The University of Chicago

School of Social Service Administration Magazine

Child Maltreatment and Housing

Recent studies suggest that for many poor families housing remains a serious problem. Despite the economic recovery, the need for affordable housing still outstrips the demand. Eviction and homelessness are common, with several million families evicted each year.

Now, new research examines how housing problems affect the treatment of children. A study published in the March 2015 Social Service Review, called “Housing Insecurity, Maternal Stress, and Child Maltreatment: An Application of the Family Stress Model,” reports that housing insecurity, including homelessness, evictions, and a lack of affordable housing, increases significantly the risk of child maltreatment.

Emily Warren, a PhD candidate at the University of Wisconsin-Madison, and Sarah Font, a postdoctoral fellow at the University of Texas at Austin’s Population Research Center, examined data on 4,755 children and their families from the Fragile Families and Child Well-Being Study, a longitudinal study that began in 1999 in 20 cities. They discovered that the lack of affordable housing slightly increased the risk of child abuse and neglect. (Families lacked affordable housing if they spent half or more of their incomes on rent.)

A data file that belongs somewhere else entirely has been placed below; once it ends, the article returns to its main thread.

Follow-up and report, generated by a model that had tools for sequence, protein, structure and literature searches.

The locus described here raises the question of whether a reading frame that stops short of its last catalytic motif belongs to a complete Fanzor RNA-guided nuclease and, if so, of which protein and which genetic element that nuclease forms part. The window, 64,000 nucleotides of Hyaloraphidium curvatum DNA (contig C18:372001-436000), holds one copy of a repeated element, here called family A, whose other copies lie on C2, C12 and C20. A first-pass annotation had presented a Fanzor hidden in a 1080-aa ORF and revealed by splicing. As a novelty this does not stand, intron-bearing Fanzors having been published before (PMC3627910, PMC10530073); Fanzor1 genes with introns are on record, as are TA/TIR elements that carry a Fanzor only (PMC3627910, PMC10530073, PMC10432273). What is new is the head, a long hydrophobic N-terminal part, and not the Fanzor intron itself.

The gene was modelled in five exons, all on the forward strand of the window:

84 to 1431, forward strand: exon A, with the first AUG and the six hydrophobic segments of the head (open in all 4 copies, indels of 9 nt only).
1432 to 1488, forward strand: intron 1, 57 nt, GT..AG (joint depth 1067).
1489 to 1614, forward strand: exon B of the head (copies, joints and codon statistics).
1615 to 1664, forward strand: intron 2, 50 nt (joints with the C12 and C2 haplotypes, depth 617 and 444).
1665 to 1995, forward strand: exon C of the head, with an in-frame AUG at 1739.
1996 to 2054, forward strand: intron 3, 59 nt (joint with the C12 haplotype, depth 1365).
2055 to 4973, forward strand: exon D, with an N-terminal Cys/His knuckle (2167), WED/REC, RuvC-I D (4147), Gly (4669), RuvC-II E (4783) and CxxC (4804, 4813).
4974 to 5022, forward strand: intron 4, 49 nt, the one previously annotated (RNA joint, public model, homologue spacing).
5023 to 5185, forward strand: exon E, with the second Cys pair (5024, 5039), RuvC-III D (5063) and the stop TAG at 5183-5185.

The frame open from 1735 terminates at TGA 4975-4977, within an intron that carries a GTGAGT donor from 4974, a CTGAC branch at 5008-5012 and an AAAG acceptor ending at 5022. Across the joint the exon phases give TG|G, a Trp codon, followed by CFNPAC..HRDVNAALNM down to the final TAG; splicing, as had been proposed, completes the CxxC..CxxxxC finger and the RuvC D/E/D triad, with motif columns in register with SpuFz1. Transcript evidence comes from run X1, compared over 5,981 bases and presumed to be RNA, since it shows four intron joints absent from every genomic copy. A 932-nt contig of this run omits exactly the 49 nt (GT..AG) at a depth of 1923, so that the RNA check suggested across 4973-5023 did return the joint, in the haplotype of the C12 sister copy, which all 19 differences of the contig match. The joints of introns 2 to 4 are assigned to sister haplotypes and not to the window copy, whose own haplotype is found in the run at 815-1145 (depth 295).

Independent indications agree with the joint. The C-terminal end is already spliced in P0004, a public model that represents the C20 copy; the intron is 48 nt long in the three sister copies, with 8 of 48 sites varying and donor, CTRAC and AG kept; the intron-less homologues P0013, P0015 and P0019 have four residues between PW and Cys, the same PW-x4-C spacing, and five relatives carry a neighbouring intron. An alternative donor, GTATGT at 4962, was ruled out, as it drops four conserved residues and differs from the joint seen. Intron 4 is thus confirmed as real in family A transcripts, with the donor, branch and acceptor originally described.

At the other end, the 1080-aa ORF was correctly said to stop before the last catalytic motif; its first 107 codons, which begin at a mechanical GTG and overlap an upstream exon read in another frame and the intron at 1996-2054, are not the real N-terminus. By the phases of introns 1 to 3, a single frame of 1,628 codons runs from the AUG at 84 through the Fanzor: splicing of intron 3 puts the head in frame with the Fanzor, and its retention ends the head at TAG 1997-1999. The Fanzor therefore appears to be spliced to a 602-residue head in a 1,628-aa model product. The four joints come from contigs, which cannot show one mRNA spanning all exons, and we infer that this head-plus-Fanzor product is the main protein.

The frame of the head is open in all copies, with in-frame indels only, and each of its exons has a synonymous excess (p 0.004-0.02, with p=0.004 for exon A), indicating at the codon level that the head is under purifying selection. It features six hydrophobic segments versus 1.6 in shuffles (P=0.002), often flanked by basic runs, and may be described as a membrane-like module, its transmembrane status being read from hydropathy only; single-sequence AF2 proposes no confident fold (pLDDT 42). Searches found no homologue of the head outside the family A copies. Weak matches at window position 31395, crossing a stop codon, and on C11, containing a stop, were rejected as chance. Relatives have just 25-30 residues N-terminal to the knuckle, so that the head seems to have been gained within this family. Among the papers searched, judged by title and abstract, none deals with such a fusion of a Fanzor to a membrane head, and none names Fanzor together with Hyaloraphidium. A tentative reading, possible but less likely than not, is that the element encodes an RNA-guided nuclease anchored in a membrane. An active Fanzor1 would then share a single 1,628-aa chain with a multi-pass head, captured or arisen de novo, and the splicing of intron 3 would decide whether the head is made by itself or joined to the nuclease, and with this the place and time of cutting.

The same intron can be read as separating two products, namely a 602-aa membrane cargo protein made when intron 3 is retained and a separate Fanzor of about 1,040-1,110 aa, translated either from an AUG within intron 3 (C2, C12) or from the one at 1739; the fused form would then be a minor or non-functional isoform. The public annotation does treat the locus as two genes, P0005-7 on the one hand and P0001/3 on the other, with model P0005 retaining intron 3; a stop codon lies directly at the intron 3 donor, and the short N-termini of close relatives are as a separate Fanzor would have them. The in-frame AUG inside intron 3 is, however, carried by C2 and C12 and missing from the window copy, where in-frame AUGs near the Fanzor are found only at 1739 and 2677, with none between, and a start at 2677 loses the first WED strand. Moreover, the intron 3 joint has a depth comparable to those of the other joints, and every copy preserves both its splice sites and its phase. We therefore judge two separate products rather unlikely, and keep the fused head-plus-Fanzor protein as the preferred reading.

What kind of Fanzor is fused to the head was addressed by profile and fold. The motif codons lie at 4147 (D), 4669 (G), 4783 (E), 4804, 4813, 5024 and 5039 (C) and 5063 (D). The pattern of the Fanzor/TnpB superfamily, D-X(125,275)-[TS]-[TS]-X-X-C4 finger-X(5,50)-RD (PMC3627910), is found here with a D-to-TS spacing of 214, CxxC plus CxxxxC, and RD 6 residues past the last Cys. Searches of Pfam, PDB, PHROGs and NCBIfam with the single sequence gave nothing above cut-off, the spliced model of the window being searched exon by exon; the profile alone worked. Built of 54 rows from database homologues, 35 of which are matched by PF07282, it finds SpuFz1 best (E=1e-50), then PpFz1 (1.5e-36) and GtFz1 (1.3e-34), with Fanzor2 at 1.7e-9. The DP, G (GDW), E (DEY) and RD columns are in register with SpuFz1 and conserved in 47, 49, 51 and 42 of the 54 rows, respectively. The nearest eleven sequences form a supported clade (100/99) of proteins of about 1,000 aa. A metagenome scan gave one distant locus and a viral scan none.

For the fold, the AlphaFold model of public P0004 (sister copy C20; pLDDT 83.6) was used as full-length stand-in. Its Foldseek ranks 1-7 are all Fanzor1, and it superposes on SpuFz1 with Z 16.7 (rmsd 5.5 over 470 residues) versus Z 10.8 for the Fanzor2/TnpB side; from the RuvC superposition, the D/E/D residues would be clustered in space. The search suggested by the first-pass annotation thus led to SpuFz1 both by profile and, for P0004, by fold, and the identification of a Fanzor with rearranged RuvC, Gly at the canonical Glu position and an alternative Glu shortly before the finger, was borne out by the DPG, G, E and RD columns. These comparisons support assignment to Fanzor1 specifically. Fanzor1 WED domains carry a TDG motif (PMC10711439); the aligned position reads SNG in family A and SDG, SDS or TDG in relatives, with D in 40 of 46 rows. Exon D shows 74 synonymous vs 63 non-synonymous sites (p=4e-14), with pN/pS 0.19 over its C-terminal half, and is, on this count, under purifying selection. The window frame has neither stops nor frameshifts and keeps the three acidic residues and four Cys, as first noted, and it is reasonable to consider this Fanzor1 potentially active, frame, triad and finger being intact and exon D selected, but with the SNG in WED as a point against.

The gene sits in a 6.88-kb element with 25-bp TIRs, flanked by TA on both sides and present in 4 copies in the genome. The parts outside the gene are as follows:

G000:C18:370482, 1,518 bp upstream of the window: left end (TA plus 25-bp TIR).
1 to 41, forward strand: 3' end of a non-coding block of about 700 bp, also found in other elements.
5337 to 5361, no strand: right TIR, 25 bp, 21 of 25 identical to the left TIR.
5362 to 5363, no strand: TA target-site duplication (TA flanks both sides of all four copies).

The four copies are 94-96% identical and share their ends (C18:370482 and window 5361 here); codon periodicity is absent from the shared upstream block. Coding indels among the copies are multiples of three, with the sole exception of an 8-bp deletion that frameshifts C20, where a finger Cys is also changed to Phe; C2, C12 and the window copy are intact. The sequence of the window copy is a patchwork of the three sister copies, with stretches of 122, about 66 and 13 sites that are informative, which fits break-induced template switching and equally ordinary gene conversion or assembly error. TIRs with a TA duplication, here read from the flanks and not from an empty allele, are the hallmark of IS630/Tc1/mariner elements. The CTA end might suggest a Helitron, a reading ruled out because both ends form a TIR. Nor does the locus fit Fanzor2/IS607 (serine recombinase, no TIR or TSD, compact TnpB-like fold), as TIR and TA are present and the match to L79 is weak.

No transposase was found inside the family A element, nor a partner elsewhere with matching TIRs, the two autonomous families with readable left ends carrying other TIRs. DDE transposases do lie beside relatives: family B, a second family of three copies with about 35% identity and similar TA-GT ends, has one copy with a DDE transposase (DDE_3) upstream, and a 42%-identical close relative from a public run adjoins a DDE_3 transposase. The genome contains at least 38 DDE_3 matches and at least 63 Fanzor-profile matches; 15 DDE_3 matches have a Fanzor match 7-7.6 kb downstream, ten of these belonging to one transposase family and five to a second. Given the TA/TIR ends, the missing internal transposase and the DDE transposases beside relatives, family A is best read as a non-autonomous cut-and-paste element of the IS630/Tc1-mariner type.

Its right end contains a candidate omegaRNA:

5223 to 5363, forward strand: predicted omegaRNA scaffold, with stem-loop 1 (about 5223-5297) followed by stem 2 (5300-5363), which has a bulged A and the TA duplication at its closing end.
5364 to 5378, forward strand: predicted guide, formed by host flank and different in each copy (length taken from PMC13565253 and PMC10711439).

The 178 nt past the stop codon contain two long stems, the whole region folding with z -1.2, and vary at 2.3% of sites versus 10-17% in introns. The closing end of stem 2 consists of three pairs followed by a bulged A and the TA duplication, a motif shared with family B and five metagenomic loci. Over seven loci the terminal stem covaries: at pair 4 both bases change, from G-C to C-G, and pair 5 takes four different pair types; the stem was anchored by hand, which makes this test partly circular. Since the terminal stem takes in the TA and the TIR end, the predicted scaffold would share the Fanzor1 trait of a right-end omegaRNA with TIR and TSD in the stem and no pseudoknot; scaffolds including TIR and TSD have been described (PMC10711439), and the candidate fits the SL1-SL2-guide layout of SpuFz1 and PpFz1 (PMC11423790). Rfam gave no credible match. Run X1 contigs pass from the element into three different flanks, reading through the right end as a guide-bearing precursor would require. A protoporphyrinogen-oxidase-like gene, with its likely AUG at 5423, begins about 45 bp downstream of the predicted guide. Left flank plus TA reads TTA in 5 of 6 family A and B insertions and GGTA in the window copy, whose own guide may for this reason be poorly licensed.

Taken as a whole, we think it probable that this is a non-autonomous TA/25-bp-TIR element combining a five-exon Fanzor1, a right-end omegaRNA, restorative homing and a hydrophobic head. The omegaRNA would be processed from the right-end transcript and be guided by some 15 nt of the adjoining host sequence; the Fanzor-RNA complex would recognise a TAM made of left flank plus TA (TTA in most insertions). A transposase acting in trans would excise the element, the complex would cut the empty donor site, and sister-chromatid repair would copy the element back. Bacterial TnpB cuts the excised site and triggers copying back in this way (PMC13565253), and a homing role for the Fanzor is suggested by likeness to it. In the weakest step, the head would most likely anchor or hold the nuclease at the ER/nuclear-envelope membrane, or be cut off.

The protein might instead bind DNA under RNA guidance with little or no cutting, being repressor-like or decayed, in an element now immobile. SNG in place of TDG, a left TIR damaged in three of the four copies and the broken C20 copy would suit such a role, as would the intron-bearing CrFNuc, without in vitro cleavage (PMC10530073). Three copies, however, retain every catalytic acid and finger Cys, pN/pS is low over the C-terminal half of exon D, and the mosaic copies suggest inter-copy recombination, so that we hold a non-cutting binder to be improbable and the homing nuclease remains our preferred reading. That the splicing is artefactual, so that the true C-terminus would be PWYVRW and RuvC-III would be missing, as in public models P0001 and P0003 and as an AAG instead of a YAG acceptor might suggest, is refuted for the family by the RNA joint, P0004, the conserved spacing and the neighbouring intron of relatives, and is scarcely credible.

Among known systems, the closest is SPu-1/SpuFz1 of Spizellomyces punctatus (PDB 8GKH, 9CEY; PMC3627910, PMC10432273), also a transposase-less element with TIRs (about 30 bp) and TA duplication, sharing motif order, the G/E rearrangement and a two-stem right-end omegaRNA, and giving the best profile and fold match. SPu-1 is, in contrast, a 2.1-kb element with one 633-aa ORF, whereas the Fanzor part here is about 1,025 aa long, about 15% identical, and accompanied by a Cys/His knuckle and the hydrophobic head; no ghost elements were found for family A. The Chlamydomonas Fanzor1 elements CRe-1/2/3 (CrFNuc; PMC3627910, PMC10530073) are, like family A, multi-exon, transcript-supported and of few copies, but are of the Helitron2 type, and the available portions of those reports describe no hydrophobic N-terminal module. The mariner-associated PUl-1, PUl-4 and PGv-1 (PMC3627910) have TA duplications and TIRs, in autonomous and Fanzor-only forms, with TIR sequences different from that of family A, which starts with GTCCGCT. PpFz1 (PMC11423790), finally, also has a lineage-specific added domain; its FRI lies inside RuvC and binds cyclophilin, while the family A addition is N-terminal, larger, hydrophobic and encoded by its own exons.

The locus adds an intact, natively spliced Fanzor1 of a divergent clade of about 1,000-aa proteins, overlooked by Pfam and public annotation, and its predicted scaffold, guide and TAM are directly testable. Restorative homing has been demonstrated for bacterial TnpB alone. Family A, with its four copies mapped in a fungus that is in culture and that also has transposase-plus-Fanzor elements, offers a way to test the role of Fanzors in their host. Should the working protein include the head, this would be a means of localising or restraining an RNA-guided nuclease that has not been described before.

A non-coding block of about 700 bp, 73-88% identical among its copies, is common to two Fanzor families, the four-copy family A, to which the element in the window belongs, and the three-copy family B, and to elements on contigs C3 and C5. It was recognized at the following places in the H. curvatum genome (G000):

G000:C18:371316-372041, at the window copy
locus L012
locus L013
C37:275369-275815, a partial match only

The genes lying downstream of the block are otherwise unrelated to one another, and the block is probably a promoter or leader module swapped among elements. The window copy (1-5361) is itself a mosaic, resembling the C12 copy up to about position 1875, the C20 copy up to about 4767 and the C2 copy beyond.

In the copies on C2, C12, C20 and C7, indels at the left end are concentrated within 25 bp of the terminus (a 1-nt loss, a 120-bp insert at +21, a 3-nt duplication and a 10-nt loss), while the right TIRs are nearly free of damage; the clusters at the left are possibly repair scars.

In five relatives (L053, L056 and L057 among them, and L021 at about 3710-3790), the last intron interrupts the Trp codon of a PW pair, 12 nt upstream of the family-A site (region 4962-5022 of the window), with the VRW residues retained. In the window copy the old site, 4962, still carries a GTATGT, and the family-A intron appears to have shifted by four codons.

The risk of maltreatment rose still more when the authors looked at instability in housing. Housing instability included evictions, homelessness, or moving more than once a year. Warren and Font found that housing instability puts children at a 12 percent greater risk of neglect and a 5 percent greater risk of abuse.

Much of the increased risk of neglect and abuse can be explained by the additional stress that housing troubles place on mothers. And yet some risk has to do with the conditions of housing insecurity themselves. For example, Warren says, children might suffer from living in housing that is overcrowded, from sharing quarters with people who use drugs or engage in other kinds of behavior inappropriate for children, or from living in substandard housing that lacks proper heat.

She says her and Font’s research points to the need for social workers to pay closer attention to the link between housing problems and the maltreatment of children and to cooperate more closely with housing providers.

Warren, Emily J. and Font, Sarah A. “Housing Insecurity, Maternal Stress, and Child Maltreatment: An Application of the Family Stress Model.” Social Service Review 89 (1): 9-39.